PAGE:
On Tuesday, October 15, City officials met with the City Council to update them on the status of crime and public safety issues at Encore Boston Harbor and in the surrounding neighborhoods.
Police Chief Steve Mazzie and Fire Chief Anthony Carli were summoned to the Council meeting by Councilor John McKinnon to report on the crime situation at Encore and on Lower Broadway since the grand opening in June.
Councilor McKinnon was absent, but Councilor Wayne Matewsky posed the issue his behalf.
Chief Mazzie said that the Everett Police Department’s crime analysts were working with analysts from Wynn Resorts to get a better understanding of how law enforcement at the casino and surrounding area should be managed.
There is a round-the-clock police presence at Encore between Everett Police and State Police. Arrests are split between the two departments, with 60 percent being booked in Everett and 40 percent being booked to the State Police barracks in Medford.
According to Chief Mazzie, there have been no major felonies occurring at the resort or by patrons to the casino in other areas of Everett – also known as spillover crime.
Overall, Chief Mazzie said the arrests have been few in number, most of them relating to public intoxication, alcohol-fueled skirmishes, and minor thefts. Other arrests have related to apprehending individuals with existing warrants. He mentioned that gaming-related offenses had been few, with the exception of some minor incidents earlier on.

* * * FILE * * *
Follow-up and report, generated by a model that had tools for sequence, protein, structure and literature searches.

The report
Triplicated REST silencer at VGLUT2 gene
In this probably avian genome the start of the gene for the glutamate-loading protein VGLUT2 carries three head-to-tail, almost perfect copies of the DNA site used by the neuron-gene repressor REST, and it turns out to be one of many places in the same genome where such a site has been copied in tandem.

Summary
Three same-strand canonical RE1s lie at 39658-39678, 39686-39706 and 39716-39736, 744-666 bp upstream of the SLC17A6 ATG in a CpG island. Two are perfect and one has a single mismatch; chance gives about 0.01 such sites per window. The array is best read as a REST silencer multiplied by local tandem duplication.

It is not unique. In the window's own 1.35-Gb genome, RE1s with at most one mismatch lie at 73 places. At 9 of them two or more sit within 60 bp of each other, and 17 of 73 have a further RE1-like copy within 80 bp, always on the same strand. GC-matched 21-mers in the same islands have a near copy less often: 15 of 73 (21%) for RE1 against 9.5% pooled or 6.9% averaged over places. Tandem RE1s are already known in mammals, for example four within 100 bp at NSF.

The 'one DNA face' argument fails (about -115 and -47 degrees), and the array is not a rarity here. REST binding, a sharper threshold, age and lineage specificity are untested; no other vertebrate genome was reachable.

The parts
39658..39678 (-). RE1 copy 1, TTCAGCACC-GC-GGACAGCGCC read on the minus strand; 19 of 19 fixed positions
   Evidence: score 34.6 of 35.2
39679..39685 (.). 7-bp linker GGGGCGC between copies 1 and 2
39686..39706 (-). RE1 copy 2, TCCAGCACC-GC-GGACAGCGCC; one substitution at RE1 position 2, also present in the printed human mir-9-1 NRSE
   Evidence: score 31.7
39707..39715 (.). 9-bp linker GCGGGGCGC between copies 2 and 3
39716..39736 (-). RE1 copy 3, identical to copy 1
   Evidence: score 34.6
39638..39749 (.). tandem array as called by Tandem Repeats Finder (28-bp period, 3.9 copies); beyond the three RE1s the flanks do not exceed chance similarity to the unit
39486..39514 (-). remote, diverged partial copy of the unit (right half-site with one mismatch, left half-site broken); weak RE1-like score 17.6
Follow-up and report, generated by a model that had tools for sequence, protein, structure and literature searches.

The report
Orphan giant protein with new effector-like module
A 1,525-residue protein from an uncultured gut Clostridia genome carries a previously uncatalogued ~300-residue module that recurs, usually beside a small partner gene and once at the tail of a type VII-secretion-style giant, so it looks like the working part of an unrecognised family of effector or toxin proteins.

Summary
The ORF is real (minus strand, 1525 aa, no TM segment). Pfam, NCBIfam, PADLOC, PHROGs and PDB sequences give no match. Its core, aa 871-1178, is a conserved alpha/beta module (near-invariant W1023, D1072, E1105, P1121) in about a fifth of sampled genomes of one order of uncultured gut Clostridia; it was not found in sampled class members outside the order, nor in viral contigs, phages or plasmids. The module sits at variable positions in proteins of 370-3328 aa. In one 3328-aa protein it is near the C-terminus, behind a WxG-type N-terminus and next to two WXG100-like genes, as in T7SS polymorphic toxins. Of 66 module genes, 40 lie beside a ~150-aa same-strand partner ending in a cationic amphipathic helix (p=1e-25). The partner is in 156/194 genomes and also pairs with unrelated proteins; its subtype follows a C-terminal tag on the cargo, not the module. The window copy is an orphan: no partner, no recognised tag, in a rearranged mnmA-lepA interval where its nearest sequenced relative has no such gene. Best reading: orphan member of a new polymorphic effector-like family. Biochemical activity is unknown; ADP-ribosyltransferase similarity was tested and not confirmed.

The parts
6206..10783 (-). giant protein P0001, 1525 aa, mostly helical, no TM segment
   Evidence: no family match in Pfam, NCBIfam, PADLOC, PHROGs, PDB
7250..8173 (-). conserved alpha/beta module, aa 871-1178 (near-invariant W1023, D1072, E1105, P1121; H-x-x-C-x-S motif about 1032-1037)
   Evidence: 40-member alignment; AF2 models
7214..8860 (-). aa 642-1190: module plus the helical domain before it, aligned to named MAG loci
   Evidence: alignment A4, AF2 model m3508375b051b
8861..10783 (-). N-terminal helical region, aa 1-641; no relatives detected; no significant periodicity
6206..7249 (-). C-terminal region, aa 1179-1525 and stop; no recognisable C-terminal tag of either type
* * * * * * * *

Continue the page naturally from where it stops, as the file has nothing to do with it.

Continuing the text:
“There are issues every day. It’s open 24/7. It’s a large complex with a large volume of people going in and out,” he said. “But we’re getting all the same issues we thought we’d get based on volume.”
Chief Mazzie said that Friday and Saturday nights are their busiest times, which they had anticipated, and which they had prepared for by bringing more officers onto the force ahead of the opening.
Chief Mazzie also reported that crime in the area has been mostly isolated to the resort and its patrons and has not “spilled over into the community.”
“The issues seem to be confined to Lower Broadway,” he said, adding that most casino patrons leave by vehicle. The only exception is when a patron stops at McDonald’s or Mike’s Roast Beef for a bite on their way out of town.
Ambulances have been dispatched to the resort to assist with issues such as drug- and alcohol-related medical emergencies, which Chief Mazzie called “not surprising.”
Chief Carli reported that there had been approximately 400 ambulance dispatches to the hotel and casino since the opening, which resulted in 160 individuals being transported to area hospitals.
The Council asked to receive regular updates on crime and public safety as it concerns the casino and surrounding area.
“You can’t find major trends until you have historical data. My analysts will look for patterns and problems,” said Chief Mazzie. “Let’s take it month to month. Every month is a new experience.”
City officials had previously appeared before Council on Sept. 3 to provide an update on the parking situation on Lower Broadway, with most councilors agreeing that parking and traffic were better than anticipated.